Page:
Canons suggests performance below the standard necessary to  
            maintain public confidence.

           AS PASSED BY THE ASSEMBLY  , this bill was substantially similar  
          to the version approved by the Senate.
           
          FISCAL EFFECT  :  According to the Senate Appropriations  
          Committee, pursuant to Senate Rule 28.8, negligible state costs.
           
          COMMENTS  :  This non-controversial bill seeks to extend the gift  
          limitations that currently affect judges of the superior courts,  
          as well as justices of the courts of appeal and the Supreme  
          Court, to subordinate judicial officers (SJOs).  Historically,  
          SJO positions were created and funded at the county level to  
          address courts' needs for judicial-like resources when new  
          judgeships were pending or not yet authorized by the  
          Legislature.  SJOs currently perform some of the most complex  
          and sensitive judicial duties that all judges conduct.   
          According to the author, the goal of the measure is to help  
          eliminate actual bias, and the appearance of bias, in all state  
          courtrooms by extending the gift limitations to all those with  
          adjudicative power within the California courts including SJOs,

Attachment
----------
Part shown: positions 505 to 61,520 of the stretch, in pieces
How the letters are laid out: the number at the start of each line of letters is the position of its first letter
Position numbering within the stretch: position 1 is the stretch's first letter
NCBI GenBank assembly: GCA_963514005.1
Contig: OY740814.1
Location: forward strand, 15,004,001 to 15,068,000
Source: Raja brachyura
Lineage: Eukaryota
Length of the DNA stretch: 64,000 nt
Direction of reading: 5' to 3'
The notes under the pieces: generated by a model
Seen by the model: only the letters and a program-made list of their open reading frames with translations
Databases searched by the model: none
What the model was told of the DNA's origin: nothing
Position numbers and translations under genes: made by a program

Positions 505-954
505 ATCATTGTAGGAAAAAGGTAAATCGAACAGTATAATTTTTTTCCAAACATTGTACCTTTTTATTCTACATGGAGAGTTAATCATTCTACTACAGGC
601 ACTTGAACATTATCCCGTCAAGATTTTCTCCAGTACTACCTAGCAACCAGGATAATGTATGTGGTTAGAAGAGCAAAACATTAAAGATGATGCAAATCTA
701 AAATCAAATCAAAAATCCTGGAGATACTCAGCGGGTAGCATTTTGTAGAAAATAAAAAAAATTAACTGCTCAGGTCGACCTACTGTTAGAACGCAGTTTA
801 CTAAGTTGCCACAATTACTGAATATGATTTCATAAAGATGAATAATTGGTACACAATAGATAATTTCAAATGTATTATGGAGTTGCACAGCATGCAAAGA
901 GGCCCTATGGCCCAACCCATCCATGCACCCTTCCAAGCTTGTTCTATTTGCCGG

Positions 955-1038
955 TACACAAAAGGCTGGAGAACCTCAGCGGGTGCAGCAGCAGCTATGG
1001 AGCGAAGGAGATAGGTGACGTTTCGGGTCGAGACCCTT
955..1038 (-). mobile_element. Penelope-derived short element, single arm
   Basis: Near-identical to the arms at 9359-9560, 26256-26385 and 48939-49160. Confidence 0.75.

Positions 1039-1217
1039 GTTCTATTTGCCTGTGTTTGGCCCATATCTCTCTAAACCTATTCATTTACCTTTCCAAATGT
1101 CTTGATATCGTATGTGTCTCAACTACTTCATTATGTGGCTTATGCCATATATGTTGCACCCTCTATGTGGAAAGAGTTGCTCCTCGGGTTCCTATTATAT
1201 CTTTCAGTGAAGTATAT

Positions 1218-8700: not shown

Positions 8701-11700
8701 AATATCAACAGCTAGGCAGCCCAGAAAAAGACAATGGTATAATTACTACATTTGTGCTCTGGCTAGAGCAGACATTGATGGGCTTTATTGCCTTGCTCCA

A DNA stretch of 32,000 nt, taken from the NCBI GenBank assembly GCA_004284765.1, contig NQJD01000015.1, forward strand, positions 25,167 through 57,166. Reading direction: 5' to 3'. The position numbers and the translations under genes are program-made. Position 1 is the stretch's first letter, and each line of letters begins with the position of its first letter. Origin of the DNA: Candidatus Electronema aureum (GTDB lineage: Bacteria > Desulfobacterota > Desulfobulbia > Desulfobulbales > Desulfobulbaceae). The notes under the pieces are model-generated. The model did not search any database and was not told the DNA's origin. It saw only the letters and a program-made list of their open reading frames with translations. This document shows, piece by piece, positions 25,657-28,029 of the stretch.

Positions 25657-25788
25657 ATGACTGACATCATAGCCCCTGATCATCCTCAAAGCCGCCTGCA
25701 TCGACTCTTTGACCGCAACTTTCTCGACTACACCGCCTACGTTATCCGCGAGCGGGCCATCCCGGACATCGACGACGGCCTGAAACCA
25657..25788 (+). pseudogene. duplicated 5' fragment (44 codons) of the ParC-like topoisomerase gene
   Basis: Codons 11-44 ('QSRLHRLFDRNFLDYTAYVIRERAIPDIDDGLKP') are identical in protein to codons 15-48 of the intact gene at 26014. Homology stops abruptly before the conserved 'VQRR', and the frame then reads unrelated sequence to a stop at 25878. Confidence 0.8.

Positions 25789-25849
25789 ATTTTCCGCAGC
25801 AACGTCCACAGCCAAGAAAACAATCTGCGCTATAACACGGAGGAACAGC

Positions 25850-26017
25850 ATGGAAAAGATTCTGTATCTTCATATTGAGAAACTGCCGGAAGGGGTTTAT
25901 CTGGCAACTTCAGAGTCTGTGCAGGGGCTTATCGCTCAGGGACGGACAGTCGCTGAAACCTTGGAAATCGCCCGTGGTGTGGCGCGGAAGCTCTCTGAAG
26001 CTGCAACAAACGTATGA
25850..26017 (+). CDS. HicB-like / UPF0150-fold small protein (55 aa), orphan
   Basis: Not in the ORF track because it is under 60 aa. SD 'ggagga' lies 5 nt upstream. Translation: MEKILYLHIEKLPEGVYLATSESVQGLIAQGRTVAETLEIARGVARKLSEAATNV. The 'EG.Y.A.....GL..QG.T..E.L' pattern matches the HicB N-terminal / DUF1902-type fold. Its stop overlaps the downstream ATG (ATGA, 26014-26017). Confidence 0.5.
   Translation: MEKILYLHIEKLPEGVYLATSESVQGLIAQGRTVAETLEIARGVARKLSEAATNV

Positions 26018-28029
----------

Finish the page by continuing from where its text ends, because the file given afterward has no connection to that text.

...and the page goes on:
in an effort to promote justice and the integrity of the  
          judicial system.  

          The Canons in the Code of Judicial Ethics, issued by the  
          California Supreme Court, provides mandatory rules and guidance  
          on appropriate behavior by judicial officers.  In addition, the  
          Code of Civil Procedure imposes specific statutory limits on the  
          amount of gifts that a judge of the superior court or a justice  
          of the courts of appeal or Supreme Court may receive.  The law  
          provides limited exemptions - for certain travel and lodging,  
          wedding gifts, gifts of similar value, gifts exchanged on  
          special occasion, and gifts from persons with whom the judge is  
          prohibited under the Code of Judicial Ethics from hearing a  
          case.  These judicial officers are also prohibited from  








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          accepting any honorarium.  

          The Commission on Judicial Performance is charged with enforcing  
          the provisions of this law.  
          The purpose of this law is to eliminate both actual and the  
          appearance of bias when a person appears before the court.  This  
          law also assists a judge in determining what gifts the judge may  
          or should be able to receive; and, provides clear guidance on  
          what he or she may not receive or accept.  Recognizing the need  
          to prevent actual bias and the appearance of improper influence  
          or bias in the courts when it comes to subordinate judicial  
          officers, this measure extends the scope of existing judicial  
          gift limits to SJOs, including court commissioners, probate  
          commissioners, referees, traffic referees, and juvenile  
          referees.
           
           
           Analysis Prepared by  :    Drew Liebert / JUD. / (916) 319-2334